The Delorean of Camper Vans
Few vehicles embody the idea that we can be both adventurous, heading into unknown territory, and feel completely at home, wherever we go, more than the Vixen 21.
This RV, designed by GM engineer Bill Collins, was built from 1986 until 1989. But by the time the first models came out, the oil crisis was over and Americans weren't interested in a small, ultra-efficient camper (especially one with a stick shift and BMW turbo-diesel motor, even if it did get 30 miles per gallon). They were also expensive, costing upwards of $50,000 each. As a result, only 587 of the motorhomes were ever built.
I found this Vixen, the 171 to roll off the factory line, about six months ago in Nevada and decided to honor it and its fascinating history by rebuilding the interior in the style and manner of a luxury yacht, using fine woods and materials.
I had much of the interior rebuilt using fine wood (teak, sapele, and wenge) as well as fabrics and carpeting. The front passenger seat flips downward, revealing an inlaid table at which to eat or play chess.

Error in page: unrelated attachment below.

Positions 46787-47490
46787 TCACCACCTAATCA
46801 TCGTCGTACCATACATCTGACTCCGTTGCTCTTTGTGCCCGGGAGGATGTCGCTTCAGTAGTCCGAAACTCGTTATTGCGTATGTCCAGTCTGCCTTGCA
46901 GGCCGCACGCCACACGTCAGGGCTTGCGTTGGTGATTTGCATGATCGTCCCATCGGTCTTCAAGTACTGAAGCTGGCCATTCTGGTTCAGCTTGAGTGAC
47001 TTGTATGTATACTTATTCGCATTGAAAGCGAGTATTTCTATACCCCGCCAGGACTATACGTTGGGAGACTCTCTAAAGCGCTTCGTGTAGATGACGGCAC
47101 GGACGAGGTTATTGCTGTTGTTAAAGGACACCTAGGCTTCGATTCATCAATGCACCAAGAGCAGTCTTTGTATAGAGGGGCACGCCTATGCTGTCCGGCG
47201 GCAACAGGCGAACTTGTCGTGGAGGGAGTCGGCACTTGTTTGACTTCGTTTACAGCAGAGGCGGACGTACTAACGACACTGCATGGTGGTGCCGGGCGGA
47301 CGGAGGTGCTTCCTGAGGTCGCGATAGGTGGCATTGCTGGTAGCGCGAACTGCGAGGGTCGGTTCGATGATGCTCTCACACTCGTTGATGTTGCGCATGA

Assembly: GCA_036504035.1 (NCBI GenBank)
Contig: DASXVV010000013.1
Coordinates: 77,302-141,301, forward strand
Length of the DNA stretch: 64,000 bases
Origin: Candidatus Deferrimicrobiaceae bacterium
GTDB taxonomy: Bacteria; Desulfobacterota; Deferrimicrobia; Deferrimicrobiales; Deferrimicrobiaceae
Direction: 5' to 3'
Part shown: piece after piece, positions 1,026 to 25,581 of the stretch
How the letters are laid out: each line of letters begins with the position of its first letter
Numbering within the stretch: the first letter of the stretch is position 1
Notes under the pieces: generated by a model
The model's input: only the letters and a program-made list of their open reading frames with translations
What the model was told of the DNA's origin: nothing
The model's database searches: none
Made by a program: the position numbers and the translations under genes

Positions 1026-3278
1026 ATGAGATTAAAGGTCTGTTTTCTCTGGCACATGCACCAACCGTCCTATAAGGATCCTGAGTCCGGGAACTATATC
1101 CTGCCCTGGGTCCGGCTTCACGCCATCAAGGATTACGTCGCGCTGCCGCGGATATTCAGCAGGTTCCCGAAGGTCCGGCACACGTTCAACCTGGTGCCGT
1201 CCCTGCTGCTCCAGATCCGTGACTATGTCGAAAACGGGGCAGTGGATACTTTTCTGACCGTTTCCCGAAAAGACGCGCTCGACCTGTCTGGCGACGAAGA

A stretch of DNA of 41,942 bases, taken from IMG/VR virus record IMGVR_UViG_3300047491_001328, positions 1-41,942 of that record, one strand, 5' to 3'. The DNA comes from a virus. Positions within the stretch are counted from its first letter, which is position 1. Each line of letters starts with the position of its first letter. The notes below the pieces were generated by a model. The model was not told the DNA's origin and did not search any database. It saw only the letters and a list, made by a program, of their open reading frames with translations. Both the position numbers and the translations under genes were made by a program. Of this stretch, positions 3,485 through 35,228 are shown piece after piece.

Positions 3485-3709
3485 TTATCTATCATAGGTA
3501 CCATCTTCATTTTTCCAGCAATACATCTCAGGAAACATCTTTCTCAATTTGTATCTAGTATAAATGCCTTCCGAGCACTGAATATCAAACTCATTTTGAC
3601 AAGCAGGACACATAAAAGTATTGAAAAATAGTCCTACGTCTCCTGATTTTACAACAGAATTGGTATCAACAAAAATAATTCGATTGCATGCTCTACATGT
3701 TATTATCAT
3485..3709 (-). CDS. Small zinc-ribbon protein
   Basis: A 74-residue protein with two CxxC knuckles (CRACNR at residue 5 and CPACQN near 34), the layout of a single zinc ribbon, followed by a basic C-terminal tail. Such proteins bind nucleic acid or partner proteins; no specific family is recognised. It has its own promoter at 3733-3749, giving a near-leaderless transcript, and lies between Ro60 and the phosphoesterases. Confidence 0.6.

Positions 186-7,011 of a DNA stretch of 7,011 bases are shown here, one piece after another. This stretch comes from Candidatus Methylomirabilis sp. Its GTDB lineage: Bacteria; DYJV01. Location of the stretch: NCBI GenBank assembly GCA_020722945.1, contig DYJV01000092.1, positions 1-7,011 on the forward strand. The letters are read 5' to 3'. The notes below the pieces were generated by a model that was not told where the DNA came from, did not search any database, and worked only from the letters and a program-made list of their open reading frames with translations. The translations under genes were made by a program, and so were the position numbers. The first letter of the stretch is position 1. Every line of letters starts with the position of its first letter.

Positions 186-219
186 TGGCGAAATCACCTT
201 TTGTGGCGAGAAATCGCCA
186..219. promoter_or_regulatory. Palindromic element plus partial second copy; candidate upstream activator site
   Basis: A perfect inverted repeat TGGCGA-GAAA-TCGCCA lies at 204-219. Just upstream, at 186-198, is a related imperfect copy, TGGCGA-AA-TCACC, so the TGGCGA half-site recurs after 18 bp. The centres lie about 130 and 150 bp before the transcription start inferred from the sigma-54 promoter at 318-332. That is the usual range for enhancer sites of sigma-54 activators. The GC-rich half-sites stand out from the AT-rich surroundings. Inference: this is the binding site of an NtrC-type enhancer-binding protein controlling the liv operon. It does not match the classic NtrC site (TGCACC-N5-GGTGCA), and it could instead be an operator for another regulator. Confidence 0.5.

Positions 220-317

Well over 200 hours of labor have gone into the custom-wood interior. Carpenters Steve Levinson and Richard Draut did most of the work.
On the Road
The unusual design starts conversations wherever we go.
The front dash, made from wenge and sapele wood.
At Home Anywhere
The Vixen is small and compact, with a low center of gravity.
Here we stopped near the Salton Sea. This is the only time the Vixen wasn't the most unusual vehicle around.
The teak side console has been carved out to accommodate my camera, lenses, pens, spare change, and coffee cups. The five-speed stick shift and powerful turbo allows for very sporty driving, but while the top speed supposedly is 100 mph, I’ve never taken it past 87 mph.
A Room with a View
Despite its small size by motorhome standards, the Vixen has all the features of larger competitors, including a generator, water heater, two house batteries, and an electric inverter.